You’ve cleared your schedule. You have a fresh cup of coffee and a heart full of desire to churn out some great material. You sit down at the computer.
But the screen is blank.
You came to the table without inspiration. It is hard to produce quality work when you have nothing to write about. Fostering good habits will help you produce a steady stream of writing inspiration for producing consistent material over time. Any discussion you read about developing on-going inspiration and material will likely contain these three core concepts.
Read – A Lot
Almost any list you see about how to develop inspiration for writing will include reading as an exercise. Matthew Cheuvront writing on Copyblogger.com sums it up this way: More Books, Fewer Blogs. The premise is that spending some time in a good book start to finish will give you enough material to generate many articles (and posts). This is good advice.
Leo Babauta gives similar advice on the site Write To Done. The post 31 Ways to Find Inspiration for Your Writing gives several variations of the “read books, not blogs” concept, but he includes blogs (and I do, too).
I read a lot of books. When reading, I always keep a pen and paper with me to jot down notes and ideas when I have them. Trust me when I tell you that if you don’t write it down right away, you won’t remember it later. And even if you do, it will not have the same wording as when it came to you the first time.
It becomes second nature to generate copious notes from reading a single book, and you will find much new material within those pages later. From this material, you should be able to develop some writing inspiration – some new ideas to explore.
With my Kindle I can highlight and take notes in the book and then transfer those right not my computer. I generate a lot of material this way, too.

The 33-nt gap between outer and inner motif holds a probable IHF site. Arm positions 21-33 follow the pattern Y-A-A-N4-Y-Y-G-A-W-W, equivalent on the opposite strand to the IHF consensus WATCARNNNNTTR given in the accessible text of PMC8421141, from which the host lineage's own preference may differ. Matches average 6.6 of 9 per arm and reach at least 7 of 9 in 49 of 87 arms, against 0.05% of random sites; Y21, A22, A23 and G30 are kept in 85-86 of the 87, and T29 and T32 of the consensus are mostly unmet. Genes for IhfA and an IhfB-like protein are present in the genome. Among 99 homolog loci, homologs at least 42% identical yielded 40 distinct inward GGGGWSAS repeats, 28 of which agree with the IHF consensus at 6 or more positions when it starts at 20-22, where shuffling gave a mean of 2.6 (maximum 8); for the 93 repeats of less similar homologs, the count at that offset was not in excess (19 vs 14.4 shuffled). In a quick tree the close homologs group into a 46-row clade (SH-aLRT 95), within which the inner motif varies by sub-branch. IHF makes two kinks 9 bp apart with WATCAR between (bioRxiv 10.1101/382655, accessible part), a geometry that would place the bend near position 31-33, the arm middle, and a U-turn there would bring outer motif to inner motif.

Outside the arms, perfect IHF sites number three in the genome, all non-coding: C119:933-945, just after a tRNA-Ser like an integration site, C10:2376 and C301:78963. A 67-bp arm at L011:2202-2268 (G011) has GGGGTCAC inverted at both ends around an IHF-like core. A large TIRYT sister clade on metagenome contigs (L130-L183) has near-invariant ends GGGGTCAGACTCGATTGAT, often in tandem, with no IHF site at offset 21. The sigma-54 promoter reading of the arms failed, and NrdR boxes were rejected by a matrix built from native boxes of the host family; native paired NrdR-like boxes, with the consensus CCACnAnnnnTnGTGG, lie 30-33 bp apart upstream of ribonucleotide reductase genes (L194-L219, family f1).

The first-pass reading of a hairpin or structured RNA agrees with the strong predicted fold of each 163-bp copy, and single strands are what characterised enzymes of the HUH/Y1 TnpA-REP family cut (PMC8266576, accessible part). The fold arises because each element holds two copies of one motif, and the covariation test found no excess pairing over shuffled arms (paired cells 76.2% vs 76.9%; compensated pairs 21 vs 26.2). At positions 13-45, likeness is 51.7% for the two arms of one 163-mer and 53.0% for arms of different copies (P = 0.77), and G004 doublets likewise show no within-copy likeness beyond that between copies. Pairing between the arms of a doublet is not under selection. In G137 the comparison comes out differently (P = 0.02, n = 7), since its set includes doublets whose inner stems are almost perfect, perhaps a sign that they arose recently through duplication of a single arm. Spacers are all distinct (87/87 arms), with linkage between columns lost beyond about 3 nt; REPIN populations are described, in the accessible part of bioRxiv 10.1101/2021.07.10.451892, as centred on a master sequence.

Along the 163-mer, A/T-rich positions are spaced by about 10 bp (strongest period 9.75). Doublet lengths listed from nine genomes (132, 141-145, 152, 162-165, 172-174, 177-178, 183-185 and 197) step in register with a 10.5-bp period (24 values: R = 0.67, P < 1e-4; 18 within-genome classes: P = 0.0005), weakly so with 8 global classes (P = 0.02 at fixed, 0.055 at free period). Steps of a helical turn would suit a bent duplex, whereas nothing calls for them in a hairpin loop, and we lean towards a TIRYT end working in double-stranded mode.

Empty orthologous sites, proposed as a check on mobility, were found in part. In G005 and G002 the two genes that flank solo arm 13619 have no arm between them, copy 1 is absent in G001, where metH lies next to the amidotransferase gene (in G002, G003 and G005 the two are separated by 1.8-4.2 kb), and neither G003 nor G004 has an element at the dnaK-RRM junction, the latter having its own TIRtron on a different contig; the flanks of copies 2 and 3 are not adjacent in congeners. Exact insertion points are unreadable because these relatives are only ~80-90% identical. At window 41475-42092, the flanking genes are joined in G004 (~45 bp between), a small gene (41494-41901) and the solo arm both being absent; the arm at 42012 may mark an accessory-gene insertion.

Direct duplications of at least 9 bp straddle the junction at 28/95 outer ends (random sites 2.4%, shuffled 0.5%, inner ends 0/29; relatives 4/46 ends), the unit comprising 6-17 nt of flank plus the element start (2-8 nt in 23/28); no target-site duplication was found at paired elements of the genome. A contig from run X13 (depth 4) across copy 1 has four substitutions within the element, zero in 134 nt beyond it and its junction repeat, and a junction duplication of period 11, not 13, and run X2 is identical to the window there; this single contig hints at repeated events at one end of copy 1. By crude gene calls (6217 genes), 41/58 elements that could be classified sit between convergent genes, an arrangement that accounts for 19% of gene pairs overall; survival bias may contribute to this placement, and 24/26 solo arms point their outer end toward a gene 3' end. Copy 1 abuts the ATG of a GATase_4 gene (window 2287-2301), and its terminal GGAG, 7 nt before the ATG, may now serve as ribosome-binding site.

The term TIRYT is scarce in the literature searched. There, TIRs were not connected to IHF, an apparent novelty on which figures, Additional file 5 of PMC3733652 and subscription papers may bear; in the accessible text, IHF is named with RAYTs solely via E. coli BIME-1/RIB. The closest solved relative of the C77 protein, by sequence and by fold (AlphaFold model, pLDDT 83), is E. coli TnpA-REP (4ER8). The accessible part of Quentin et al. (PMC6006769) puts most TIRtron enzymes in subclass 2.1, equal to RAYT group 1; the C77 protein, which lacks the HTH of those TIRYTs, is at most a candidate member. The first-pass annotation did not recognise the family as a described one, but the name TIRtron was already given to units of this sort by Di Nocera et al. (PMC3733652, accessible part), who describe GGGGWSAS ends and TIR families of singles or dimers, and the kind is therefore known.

Most writers will tell you that keeping some kind of journal handy is critical. Get into the habit of keeping a notebook with you at all times in order to write ideas when they come. You should be able to develop quite a stash of material for future use.
Go Old School
Notice I mentioned that I keep a pen and paper handy at all times? I know I mentioned the Kindle, and keeping notes in the book on the device is great, but the old school pen and paper are even better.
And take some time to do this all away from the computer. You will be surprised at what you can come up with when you are taking a stroll, sitting in a chair reading a book, or relaxing in a park. It clears your head to get away from the screen. Let it lead to a flow of ideas.
I think just about every article, book, or blog post I have read about developing inspiration for writing includes keeping some kind of a free-form journal old school style. Most writers I know keep a journal and use it regularly both writing in it and referring to it for ideas.
So what inspires you when you are sitting down to write? What techniques are effective?